“Women are their own enemies.”
This oft-repeated cliché had been getting on my nerves for a while. Where was the empirical evidence that women couldn’t work together without having each other’s neck?
I ruminated on this thought with a few other women and concluded that an All-Girls abseil adventure was in order. I could create a unique environment for women to come out of their comfort zones and push themselves beyond their physical, mental and social boundaries. Women could socialize, bond and create business networks for themselves in no other environment than in the great Ghanaian outdoors. Finally, women could throw into the trash can the misguided notion that women couldn’t work, socialize, push their minds beyond mental boundaries and engage in healthy conversations without making enemies of themselves.
My girls and I decided to give it a shot, and set 12th September, 2016 for a girls-only adventure show-down.
The sacred Krobo Hills stood fiercely at the Akuse junction awaiting. For the first time, they refused to glower, instead seeming to smile from their 45-metre perch as the Athena adventure team – a whole busload of beautiful women – hiked through the steep ravine towards the 40-metre abseil spot. Indeed, hills love girls too!
The people of Krobo do not only have rich history and culture but have a lot to show in terms of landscape too. Krobo Hills is the ancestral home of the Krobos. Even though, the tie to their traditional homeland was ultimately terminated by a confrontation with colonial power in 1892, the natives of Krobo pay homage to their ancestors and the spirit of the hills during their annual festival in October. There is an enormous artwork on the hills to explain their fondness for Kloyom.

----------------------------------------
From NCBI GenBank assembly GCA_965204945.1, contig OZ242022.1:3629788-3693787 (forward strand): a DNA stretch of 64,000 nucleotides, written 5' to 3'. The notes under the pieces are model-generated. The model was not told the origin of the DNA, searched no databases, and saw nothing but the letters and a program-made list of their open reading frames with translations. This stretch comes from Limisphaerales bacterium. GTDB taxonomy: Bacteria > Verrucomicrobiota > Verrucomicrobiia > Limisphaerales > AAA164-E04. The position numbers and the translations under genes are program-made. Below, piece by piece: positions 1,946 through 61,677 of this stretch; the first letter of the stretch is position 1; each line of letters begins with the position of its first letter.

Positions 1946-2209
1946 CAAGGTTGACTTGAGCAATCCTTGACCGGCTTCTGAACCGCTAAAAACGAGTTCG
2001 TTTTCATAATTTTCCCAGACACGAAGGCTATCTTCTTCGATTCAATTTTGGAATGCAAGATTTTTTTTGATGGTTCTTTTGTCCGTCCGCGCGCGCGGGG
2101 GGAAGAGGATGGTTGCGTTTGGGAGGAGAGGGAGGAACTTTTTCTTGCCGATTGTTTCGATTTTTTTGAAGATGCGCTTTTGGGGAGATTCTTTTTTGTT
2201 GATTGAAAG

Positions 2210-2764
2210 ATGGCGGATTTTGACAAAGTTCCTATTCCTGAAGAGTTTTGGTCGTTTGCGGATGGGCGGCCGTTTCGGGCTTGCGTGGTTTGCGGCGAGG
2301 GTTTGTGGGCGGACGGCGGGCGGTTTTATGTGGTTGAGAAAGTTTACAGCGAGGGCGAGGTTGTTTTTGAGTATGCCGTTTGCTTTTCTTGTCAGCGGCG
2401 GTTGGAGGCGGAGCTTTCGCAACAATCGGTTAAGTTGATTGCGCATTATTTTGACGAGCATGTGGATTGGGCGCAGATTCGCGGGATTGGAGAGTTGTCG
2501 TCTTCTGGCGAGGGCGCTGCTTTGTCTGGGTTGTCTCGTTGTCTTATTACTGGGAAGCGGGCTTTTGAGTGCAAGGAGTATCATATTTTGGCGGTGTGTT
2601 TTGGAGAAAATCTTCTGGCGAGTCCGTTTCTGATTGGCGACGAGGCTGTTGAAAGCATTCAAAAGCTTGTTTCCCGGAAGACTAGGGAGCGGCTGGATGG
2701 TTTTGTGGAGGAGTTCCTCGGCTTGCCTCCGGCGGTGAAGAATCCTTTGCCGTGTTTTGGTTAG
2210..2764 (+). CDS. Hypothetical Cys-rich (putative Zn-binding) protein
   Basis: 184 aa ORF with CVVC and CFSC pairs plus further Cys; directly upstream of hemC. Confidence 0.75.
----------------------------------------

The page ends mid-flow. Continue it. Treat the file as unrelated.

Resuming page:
The drills and thrills, the fun and the fond memories of the day couldn’t have been exaggerated. Hearing the hearts of 25 young business leaders representing Ghana, Germany, Nigeria and the United States beating louder as we climbed up the Krobo Hills was awe-inspiring. Sweating off fears for the outdoors and taking adrenaline-filled steps one after the other was a challenge we all welcomed.
The spectacular landscape of the Krobo Hills was worth every sweat. We got up the nearly 350 foot-high outcrops panting for breath, but the pristine vegetation and the surrounding view was more than worth the tiredness that crept into our legs.
The thorough education about abseil equipment, and all one needed to do to abseil was brilliantly done, but that obviously couldn’t completely alleviate the fear for heights that had long been engraved on the women’s psyche. But we all agreed with Nelson Mandela that “courage was not the absence of fear, but the triumph over it. The brave man is not he who does not feel afraid, but he who conquers that fear”.
But the women faced their fear of the unknown in the best ways they knew how.
Some screamed their heads off as they abseiled the 40-meter vertical surface. A few got to trust the ropes more after the winds and the uneven rocky surface shifted them a bit on-course, but everyone knew in the end, that a remarkable feat had been achieved by Ghana’s most unapologetic women.
At the end of the day, I knew we had been successful when one client said to me, “This is the most priceless and meaningful experience I have ever had”.